- Senate Democrats set the stage to advance the $US1.9 ($2) trillion coronavirus relief bill without a minimum wage increase.
- “I expect a hearty debate and some late nights,” Schumer said on Monday.
- Some House progressives urged the White House to keep the minimum wage increase after a top Senate official ruled it cannot be included as written in the bill.
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Senate Democrats are preparing to advance the $US1.9 ($2) trillion stimulus bill this week as efforts to push through a $US15 ($19)-per-hour minimum wage with a new tax penalty for large corporations crumbled over the weekend.
“The Senate will take up the American Rescue Plan this week,” Senate Majority Leader Chuck Schumer said on the Senate floor on Monday. “I expect a hearty debate and some late nights.”
House Democrats early on Saturday morning approved the sweeping emergency spending package, aimed at pumping cash into nearly every part of the American economy.
It contains $US1,400 ($1,809) stimulus checks, $US400 ($517) federal unemployment benefits through August, $US350 ($452) billion in state and local government aid, and additional funds for virus testing and vaccines. No House Republican voted for the legislation.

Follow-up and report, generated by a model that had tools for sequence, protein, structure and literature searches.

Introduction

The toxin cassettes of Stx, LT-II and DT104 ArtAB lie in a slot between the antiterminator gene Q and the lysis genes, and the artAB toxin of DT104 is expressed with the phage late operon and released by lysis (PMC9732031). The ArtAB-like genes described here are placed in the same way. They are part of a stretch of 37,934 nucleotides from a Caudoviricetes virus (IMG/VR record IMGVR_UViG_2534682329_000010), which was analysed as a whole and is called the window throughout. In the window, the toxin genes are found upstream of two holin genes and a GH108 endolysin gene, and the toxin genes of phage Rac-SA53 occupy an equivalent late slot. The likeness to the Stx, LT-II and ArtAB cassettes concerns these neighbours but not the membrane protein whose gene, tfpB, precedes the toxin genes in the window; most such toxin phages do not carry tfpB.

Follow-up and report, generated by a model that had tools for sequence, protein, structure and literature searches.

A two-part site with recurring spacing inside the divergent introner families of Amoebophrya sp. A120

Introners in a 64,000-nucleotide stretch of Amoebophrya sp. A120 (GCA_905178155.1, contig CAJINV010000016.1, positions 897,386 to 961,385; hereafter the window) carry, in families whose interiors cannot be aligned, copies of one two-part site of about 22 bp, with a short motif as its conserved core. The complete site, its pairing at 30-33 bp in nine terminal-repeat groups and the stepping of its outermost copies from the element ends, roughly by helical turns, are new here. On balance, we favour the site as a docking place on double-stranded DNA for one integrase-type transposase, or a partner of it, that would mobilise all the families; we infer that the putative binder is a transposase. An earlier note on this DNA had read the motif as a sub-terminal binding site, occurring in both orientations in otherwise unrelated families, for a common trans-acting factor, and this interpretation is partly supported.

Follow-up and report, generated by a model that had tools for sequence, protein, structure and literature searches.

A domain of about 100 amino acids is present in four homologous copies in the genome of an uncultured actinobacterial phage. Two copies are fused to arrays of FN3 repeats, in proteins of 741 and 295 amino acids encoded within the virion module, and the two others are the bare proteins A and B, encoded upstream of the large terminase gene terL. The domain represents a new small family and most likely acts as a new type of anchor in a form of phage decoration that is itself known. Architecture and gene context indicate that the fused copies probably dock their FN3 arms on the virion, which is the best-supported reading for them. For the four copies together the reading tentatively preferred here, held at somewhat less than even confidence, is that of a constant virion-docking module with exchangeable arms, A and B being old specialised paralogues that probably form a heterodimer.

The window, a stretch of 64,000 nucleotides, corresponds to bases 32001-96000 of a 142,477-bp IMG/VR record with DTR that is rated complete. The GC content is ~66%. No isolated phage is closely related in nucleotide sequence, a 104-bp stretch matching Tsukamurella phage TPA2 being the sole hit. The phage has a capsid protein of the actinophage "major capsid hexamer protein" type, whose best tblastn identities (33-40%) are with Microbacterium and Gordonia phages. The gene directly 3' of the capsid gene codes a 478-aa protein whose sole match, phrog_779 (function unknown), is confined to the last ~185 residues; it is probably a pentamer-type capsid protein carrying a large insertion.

The bill also contained a $US15 ($19)-an-hour minimum wage, though the Senate parliamentarian ruled the measure should be struck because it did not comply with certain budget rules governing the reconciliation process. That procedure allows Democrats to bypass Republicans and pass it with only 51 votes in the Senate.
Democratic efforts to salvage the provision with a new tax proposal collapsed in recent days since they are trying to pass the bill before a March 14 deadline for the expiration of enhanced unemployment insurance. The $US300 ($388) federal unemployment benefit starts to end at that date.
It appeared unlikely an alternative proposal would emerge due to the narrow timeline. “I support an increase in the minimum wage, but it clearly cannot be on this reconciliation bill,” Sen. Dick Durbin of Illinois told reporters on Monday.
A group of 23 progressive lawmakers in the House urged the Biden administration in a new letter to disregard the parliamentarian on Monday. “If we don’t overrule the Senate parliamentarian, we are condoning poverty wages for millions of Americans,” Rep. Ro Khanna of California said in a statement.
White House officials dismissed the idea again. “That’s not an action we intend to take,” White House Press Secretary Jen Psaki said at a news briefing. She added Biden remained “committed” to enacting a minimum wage increase.
Not every Democrat supports an override, effectively blocking the move given their slim majority in the evenly-divided chamber. Vice President Kamala Harris holds the tie-breaking vote.
Meanwhile, Senate Minority Leader Mitch McConnell panned the relief legislation on Monday afternoon.
“The bill contains all kinds of liberal spending on pet projects with no relationship whatsoever on pandemic relief,” McConnell said during a floor speech.
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